An essay on Kobe Bryant

Shreveport native and Loyola graduate Griffin Neal wrote this piece in Monday’s edition of the Daily Mississippian. This is his second submission on


In a 2016 interview, conducted just months after he hung up his sneakers for the final time, Kobe Bryant was asked about death.

“What’s your relationship with death?” The Ringer’s Micah Peters asked.

“A comfortable one,” Bryant responded. “It’s an understanding. You can’t have life without death. You can’t have light without dark, so it’s an acceptance of that.” However, as one might expect, Bryant related the remainder of his response back to basketball.

“When it came down to whether or not I should retire, it’s really an acceptance of that mortality that all athletes face,” he continued.  “If you combat it, you’ll always have that inner struggle within yourself.”

On Sunday afternoon, the Los Angeles Police Department confirmed the unimaginable; Bryant, 41, and his daughter Gianna, 13, died in a helicopter crash that morning in Calabasas, Calif., alongside seven others.

His death is as jarring as it is tragic. Bryant, one of the most devastating, jaw-droppingly talented and graceful players to ever pick up a basketball, was not supposed to die this young. He was supposed to mentor the next generation of superstars. He was supposed to continue pushing women’s basketball forward. He was supposed to be a figure that children could grow up watching on television, asking their parents, ‘Who is this guy? What was it like when he played?’

But life is full of suppositions.

On the court, Bryant was unmatched in dominance. Over the course of a 20-year career – all spent in Los Angeles with the Lakers – Bryant won five championships, had 18 all-star selections and won league MVP in 2008. Bryant had 11 all-NBA first-team selections, nine first-team all-defense selections and scored the fourth-most points in NBA history. He also won two gold medals in the 2008 and 2012 Olympic games.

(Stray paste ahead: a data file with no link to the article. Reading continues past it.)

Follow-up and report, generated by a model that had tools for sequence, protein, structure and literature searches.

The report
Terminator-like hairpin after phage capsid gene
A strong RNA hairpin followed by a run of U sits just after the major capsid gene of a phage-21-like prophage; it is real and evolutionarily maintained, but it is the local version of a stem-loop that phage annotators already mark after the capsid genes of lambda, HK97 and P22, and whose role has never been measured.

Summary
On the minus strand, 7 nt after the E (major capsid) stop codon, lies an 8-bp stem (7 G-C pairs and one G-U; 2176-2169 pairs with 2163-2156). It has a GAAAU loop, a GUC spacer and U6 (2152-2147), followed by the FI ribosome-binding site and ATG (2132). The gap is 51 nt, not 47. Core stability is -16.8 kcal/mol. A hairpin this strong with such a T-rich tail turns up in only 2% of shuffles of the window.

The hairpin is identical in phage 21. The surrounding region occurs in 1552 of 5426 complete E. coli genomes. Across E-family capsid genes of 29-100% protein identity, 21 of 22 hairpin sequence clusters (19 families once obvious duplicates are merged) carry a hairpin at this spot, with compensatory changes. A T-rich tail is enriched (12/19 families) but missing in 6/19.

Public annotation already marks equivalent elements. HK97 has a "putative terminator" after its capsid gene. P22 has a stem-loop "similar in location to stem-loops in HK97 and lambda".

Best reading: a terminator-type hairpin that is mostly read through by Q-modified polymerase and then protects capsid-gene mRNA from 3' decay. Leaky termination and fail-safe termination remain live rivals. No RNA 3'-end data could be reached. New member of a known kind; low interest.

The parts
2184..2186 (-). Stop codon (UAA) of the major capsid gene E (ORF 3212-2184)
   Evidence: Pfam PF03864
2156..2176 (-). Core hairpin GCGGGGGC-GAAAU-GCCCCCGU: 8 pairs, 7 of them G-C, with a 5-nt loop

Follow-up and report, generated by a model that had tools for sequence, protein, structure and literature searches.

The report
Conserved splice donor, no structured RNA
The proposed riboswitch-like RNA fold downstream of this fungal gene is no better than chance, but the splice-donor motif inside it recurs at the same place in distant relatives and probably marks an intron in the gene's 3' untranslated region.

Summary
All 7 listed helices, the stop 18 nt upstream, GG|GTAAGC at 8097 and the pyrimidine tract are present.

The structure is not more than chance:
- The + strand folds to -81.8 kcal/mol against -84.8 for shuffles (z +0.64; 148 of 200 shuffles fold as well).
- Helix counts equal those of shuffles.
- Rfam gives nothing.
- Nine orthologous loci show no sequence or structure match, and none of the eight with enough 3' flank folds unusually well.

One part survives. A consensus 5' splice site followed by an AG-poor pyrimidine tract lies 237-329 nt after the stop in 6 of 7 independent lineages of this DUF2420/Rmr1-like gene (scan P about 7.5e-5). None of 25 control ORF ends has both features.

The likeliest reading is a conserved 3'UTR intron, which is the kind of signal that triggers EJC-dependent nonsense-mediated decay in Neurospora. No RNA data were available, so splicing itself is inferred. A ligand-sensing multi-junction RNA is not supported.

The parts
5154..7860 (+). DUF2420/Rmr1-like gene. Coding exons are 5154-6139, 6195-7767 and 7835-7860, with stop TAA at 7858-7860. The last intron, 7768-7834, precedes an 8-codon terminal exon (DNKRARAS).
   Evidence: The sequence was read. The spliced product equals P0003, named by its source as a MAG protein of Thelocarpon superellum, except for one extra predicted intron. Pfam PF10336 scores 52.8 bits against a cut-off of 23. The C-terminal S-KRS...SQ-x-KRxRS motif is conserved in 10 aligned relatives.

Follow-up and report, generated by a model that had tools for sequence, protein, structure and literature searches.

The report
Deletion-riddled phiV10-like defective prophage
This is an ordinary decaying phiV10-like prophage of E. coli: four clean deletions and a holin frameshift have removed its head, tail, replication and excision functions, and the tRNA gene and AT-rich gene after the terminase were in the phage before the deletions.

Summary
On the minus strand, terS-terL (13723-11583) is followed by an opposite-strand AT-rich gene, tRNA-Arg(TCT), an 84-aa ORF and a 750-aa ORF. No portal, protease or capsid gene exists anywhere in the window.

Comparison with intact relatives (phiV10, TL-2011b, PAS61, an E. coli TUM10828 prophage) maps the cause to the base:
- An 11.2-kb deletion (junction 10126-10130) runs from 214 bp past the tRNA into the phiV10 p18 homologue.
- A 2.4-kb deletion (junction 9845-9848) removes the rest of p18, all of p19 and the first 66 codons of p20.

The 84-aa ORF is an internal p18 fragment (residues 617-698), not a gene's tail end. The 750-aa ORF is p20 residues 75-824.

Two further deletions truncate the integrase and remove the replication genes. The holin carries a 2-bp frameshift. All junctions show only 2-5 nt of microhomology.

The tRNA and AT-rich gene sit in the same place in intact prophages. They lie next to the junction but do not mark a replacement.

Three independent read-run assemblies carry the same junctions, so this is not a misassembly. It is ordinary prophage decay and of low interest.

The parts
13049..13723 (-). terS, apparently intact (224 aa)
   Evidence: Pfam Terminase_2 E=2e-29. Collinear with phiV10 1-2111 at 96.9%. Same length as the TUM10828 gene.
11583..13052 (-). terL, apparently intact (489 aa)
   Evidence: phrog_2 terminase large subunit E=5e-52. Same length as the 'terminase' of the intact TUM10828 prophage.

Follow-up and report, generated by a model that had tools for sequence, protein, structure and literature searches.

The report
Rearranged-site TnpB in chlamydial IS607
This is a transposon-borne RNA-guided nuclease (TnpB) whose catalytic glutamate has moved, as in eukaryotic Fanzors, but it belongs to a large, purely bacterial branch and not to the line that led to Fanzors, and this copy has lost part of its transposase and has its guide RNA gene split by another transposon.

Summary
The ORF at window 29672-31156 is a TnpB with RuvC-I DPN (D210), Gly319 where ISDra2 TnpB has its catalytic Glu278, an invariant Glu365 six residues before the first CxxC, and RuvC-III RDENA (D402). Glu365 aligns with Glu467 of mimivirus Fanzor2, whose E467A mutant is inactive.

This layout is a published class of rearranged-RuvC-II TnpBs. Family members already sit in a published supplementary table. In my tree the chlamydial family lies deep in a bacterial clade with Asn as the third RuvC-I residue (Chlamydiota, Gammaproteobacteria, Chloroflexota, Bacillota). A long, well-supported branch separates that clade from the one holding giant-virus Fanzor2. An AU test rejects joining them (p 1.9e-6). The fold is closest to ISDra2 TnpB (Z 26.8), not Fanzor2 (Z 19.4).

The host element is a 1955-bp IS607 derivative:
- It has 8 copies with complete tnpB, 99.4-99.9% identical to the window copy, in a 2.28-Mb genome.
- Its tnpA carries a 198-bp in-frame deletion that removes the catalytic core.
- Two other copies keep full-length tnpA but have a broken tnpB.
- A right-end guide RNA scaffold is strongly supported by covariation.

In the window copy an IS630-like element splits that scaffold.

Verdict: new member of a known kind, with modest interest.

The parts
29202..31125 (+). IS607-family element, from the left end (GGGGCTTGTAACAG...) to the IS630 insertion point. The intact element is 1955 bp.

He entered the league in 1996, a pioneer in the push for high school basketball players to forego college and enter the NBA. He came into the league at a time of flux; Magic Johnson and Larry Bird were gone, and Michael Jordan’s twilight was slowly approaching. The league needed a new face, and Bryant fit it as if the mold was cast specifically for him.

He was a giant among men. He belonged to a special fraternity of individuals who transcended their occupation — of those whose legacies span countries, generations and time. He was the most influential sports figure in 21st-century American culture.

He was your favorite player’s favorite player. Tales of his commitment to perfection are unmatched, and his ‘Mamba mentality’ inspired millions of young boys and girls to go outside and pick up a basketball. But Bryant’s gospel transcends basketball. The determination, hard work and self-sacrifice he employed throughout his life are teachable in any field and in any discipline.

He left an indelible mark on the global landscape of the sport, and in this country, no other figure impacted American culture more than Bryant. His shoes, his signature fade away jump shot, his support of the women’s game and his contributions to cinema – for which he was awarded an Oscar in 2018 – will likely never be matched.

Perhaps the greatest indication of Bryant’s brilliance came on April 13, 2016, his final game. In front of a sold-out Staples Center, the millions watching expected a veteran’s coronation; he would trot out onto the court, knock down a few shots and receive a hero’s farewell. Instead, Bryant delivered one of the most iconic performances of his career. He poured in 60 points, including the game-winning jumper, on two legs that the thousands of hours of physical wear had finally caught up to.

Following the game, Kobe addressed the Staples Center crowd; true fans didn’t dare to leave the arena. He thanked them for years of support, joked about years the Lakers struggles and, before bidding farewell, put his hand over his heart, two fingers in the air and exclaimed, “Mamba out.”

But the Mamba, as Bryant was known, did not leave; his second chapter had just begun. And that’s what makes his untimely death so hard to process.

I never met Kobe Bryant, and I imagine that you never did, either. That doesn’t mean his death hurts any less.

It’s okay to mourn the death of those that we never knew. It’s okay to cry about the death of your favorite musician, actor or political figure; these actions make us human. These individuals, those who we choose to give a little piece of our faith, or our love, or hours of our time, possess something we desire. While they never knew it, these celebrities we choose to mourn are part of our lives.

Death is undefeated. It is unexpected and unforgiving, and serves as a reminder of our own mortality. On Sunday morning, Bryant’s wife Vanessa lost a husband, and three of his daughters lost a father and a sister. The world lost a disciple of sport and an inspiration to the masses.